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March 27, 2013 – Comments (1)

Board: Deranged Monkey Criticism

Author: howardroark

We've exhausted the Hussman Identity Theory debate. But beneath that fairly tale (and by that I mean axiom) lies an interesting prediction. -- that corporate profit margins are 70% above normal and will soon enough dramatically revert. This is a prediction that isn't at all inherently dependent on whether you buy the Identity story. It is interesting because it is seemingly wildly different from consensus. It is also interesting because this is not just a "hey, this is possible" sort of musing. More like a "people, this is happening" Mayan Prophecy kind of party, but doesn't require any kind of big shock to impose itself. And most interesting is that the outcome would of course have enormous investment implications on average.

The prediction, specifically, is that in the near future corporate profits will decline to just under 60% of current levels, and that this new level could then be seen not as trough but rather as "normal." Hussman, for example, describes one possible path where S&P profits decline 12% per year for four years toward a new normal. Recording predictions for posterity sometimes turns out to be pretty interesting when there are hugely heterogeneous beliefs on a quantifiable subject. I still go back every few years and look at the consensus Amazon predictions that were made on that board in the early 2000s. I feel like there may be an opportunity for that here.

I don't think there's a perfect way to phrase this question. I would like to capture both the basic prediction about corporate profits and the individual's confidence level. Here are the basic facts. S&P operating EPS in 2012 were about $101. At Hussman's "normalized" margins they would have been $59. He appears to default to a generic assumption that nominal EPS grows at about 6% per annum, though he also may believe that to be optimistic without high inflation. $59 growing at 6% nominally for 5 years would become $79 in S&P earnings in 2017. In contrast, $101 growing at 6% for 5 years is $135. Moreover, current 2014 estimates of $123 operating EPS growing at 6% for three years is $146. Of course, a big problem with making a prediction about normalcy is that a given future year might itself be abnormal. And even an average of a few years might be abnormal, particularly if one or two of the years experience an intense recessionary shock. But I'm not sure posterity will stick around long enough to take some kind of trimmed mean from 2017-2027.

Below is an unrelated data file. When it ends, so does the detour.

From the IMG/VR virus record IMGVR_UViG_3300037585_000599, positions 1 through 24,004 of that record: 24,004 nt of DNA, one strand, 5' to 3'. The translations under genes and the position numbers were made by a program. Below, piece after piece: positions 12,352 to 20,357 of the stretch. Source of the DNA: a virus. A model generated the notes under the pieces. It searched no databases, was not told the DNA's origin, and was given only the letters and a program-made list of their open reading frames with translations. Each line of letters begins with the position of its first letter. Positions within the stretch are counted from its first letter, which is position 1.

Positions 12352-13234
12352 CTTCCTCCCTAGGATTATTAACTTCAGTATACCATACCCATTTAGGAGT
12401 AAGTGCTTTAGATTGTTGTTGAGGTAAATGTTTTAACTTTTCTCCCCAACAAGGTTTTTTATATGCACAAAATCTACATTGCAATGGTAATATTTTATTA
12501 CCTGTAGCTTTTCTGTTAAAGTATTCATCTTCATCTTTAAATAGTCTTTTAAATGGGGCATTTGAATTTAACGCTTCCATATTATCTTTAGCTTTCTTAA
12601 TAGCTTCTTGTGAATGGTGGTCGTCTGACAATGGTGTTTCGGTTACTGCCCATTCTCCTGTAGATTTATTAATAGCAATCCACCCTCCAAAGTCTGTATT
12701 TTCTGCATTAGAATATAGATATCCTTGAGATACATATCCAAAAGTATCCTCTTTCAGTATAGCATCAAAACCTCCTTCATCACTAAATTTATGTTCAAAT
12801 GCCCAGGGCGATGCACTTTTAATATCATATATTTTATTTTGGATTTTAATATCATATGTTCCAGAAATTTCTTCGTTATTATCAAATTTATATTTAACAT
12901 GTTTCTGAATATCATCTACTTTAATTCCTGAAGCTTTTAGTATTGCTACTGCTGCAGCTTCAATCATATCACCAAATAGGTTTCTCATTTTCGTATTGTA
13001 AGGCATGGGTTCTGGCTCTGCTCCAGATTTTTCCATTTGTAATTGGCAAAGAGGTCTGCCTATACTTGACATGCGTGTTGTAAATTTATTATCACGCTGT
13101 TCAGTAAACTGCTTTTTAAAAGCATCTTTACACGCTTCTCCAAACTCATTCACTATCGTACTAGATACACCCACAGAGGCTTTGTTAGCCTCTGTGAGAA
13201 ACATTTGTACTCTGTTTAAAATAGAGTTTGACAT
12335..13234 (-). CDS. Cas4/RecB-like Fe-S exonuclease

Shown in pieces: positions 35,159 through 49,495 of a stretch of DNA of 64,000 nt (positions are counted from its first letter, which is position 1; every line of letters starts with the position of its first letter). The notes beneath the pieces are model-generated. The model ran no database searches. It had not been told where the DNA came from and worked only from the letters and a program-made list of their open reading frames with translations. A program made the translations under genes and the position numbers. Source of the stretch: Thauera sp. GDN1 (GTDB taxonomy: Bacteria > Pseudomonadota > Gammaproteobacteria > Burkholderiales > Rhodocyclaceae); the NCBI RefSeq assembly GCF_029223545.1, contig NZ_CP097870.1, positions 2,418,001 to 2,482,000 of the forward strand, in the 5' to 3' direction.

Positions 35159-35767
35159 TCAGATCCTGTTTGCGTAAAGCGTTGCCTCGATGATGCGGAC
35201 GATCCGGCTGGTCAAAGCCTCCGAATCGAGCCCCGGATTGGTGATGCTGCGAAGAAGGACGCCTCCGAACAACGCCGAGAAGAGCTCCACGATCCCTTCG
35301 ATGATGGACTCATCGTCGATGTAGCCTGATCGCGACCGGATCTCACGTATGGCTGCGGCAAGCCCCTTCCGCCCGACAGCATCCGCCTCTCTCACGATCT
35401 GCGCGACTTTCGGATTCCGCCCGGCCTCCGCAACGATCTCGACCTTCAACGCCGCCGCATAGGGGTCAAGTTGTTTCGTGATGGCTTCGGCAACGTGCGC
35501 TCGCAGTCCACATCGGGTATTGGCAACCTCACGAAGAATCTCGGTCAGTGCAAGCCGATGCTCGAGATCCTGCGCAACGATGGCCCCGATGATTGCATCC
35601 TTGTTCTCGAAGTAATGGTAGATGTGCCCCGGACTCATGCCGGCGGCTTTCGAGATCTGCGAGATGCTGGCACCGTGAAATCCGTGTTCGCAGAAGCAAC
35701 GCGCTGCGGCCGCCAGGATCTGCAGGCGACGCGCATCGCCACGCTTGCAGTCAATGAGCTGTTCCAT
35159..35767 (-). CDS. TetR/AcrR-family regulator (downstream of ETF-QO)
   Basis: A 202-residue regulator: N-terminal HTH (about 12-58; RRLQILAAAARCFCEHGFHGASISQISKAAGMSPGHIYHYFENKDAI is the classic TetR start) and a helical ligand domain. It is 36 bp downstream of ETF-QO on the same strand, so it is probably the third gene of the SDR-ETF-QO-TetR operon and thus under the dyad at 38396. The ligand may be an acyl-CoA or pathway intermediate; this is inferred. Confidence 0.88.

So let's go with this: Make two predictions. First, predict the average operating EPS of the S&P from 2016 to 2018. This is just your best guess. Second, provide the level you are at least 75% sure is too high. That is, complete the sentence "There is less than a 25% chance that S&P operating earnings will average above X from 2016-2018." I will make mine after, say, ten responses in this thread. This is not because I think people give a crap about my guess and so will be desperately motivated to participate. It is because the rank humiliation from writing a long plea like this and getting maybe two responses will be mitigate if I can be both snubber and snubee.

If you find this exercise boring or stupid, that's a probably good reason not to play. But don't abstain merely because you don't think you've done enough navel gazing about "normal" earnings. Gut feelings about a topic like this can be interesting, assuming you are at least someone who follows and thinks about markets and companies. 

1 Comments – Post Your Own

#1) On March 27, 2013 at 12:58 PM, IlanBigfoot (65.34) wrote:

I think the market is undervalued, so let's say the S&P500 current price of 1,559.58 will go up 10% a year to $2511 by 2017. With a P/E of let's say 18, that would indicate earnings of ~$140.

 So: average EPS from 2016 to 2018 is $140. I'm 75% sure that earnings of $200 is too high. Did I say two? Better make it three. 

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